VoxEU Column Migration

The vanishing asylum seeker

Across the EU, new asylum applications have fallen dramatically, which some governments attribute to their policy changes. New research shows that tougher policies are indeed deterring asylum seekers, though perhaps less than government ministers would like to claim.

A decade ago, headlines about the asylum crisis appeared almost daily in the press. Asylum seekers, once demonised as bogus refugees and economic migrants, now hardly rate a mention from one month the next. And the tone of popular comment has gone from besieged to benign. There is a very good reason for this quiescence: the numbers have dropped dramatically. In the UK, new asylum applications fell from 103,080 in the peak year of 2002 to just 27,900 in 2007—a fall of 73 percent.

The fall of asylum

Government ministers have been quick to claim the credit (if credit there is) for getting the numbers down. Last month Liam Byrne, the UK Minister for Immigration, commented that "Stronger border controls are delivering falls in asylum claims - they're now at the lowest level for 14 years. And we are dealing with those cases faster than ever before.” This was just the latest in a series of series of jubilant announcements following Tony Blair’s commitment in 2003 to slash the numbers. Since then, stiff measures have been taken on processing asylum claims, on appeals and deportations, and on tightening up border controls.

So can the Government claim the credit? There is one big reason to be skeptical: applications have been declining over the most of the developed world. In the EU-15 the numbers fell from 393,450 in 2002 to 197,450 in 2007—a drop of 50 percent. Against this benchmark the UK Government might claim credit for a third or a half of the fall. But it is hardly a satisfactory measure of the effect of policy. After all UK applications might have fallen more strongly for reasons other than policy. On the other hand, other countries have toughened their policies too, especially in the wake of the 9/11 attacks, and so part of the declines elsewhere may also be due to policy.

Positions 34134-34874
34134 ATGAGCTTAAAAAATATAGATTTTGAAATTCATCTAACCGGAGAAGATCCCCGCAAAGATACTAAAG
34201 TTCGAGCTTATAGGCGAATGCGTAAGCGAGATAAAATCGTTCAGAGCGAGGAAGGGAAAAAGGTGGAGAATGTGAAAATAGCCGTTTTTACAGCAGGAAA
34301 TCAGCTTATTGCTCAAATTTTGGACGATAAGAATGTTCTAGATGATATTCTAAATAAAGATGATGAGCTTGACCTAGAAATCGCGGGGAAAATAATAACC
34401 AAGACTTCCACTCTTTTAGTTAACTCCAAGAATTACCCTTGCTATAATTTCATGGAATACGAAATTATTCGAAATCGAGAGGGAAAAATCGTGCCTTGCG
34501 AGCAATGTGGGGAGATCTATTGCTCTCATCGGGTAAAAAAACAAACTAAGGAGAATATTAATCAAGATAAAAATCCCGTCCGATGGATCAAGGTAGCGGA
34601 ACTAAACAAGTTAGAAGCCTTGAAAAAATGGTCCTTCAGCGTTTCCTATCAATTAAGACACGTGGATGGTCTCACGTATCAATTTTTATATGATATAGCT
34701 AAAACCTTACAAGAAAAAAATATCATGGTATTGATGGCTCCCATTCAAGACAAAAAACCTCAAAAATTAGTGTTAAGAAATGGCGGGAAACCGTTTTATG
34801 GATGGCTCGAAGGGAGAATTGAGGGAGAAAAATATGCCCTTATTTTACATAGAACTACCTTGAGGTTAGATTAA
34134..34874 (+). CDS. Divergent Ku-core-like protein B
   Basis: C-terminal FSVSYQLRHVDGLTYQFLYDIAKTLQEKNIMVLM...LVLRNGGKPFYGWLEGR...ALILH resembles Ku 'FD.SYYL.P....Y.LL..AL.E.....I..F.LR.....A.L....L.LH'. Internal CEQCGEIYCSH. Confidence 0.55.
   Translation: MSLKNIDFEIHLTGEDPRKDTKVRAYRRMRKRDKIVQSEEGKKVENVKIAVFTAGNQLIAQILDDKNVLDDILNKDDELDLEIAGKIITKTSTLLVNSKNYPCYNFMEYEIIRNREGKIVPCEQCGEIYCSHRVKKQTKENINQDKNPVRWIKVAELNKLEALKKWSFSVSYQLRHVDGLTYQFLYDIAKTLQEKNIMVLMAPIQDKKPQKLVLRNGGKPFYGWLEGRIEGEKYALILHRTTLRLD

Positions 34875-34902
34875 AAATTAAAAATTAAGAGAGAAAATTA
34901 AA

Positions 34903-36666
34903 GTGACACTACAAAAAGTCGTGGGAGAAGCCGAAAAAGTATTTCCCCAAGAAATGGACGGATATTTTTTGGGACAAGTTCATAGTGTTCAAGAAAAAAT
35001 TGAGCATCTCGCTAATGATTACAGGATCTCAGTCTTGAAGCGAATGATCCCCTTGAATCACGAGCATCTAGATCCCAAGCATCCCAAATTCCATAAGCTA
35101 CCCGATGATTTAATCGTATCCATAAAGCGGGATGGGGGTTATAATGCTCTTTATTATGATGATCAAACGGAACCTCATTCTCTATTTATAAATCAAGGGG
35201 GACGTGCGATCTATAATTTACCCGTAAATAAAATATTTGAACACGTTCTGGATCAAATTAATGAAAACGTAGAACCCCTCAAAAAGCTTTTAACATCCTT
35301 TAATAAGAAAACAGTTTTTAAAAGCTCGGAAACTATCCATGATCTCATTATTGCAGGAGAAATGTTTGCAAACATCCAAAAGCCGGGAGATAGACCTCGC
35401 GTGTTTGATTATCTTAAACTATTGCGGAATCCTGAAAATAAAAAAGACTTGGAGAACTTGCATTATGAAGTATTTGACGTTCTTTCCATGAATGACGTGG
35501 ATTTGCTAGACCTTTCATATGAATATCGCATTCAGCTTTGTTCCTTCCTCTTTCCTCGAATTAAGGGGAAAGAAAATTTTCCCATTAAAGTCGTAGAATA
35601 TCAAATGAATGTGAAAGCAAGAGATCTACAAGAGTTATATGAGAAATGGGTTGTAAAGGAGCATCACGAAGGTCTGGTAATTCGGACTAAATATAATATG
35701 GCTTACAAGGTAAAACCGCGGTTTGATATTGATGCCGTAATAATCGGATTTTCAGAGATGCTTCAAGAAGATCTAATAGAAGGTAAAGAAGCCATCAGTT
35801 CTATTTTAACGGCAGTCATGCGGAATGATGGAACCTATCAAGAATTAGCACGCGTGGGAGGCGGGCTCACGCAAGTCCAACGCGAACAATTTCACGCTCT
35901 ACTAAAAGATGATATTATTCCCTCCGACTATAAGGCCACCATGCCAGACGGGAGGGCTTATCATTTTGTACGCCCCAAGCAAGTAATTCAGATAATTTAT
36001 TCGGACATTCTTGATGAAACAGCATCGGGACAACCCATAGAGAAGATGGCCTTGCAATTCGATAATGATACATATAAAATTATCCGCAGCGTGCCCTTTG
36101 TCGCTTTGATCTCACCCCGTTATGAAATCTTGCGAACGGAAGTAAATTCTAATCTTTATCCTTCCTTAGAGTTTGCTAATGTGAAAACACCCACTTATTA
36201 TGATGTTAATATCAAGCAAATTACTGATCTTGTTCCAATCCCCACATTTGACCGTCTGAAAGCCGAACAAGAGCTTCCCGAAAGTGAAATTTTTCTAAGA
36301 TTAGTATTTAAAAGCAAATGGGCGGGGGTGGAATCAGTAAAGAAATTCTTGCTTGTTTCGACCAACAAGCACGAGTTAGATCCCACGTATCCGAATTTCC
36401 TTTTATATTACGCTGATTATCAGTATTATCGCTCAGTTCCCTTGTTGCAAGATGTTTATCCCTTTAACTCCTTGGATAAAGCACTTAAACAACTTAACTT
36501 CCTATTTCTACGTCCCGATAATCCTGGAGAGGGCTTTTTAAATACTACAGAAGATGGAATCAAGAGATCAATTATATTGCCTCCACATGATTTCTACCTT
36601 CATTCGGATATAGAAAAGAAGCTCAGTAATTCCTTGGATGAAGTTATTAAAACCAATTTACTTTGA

War and peace

Under the 1951 Refugee Convention, those qualifying for asylum must demonstrate a ‘well founded fear of persecution’. In light of that fact, it is not surprising that most of those who claim asylum in the West are from war-torn countries in Africa, Asia and the Middle East. The list of origin countries reads like a roll call for the hot spots of war, violence and civil strife. One study after another has demonstrated the effects of wars and human rights abuses on refugee counts and on the volume of asylum applications.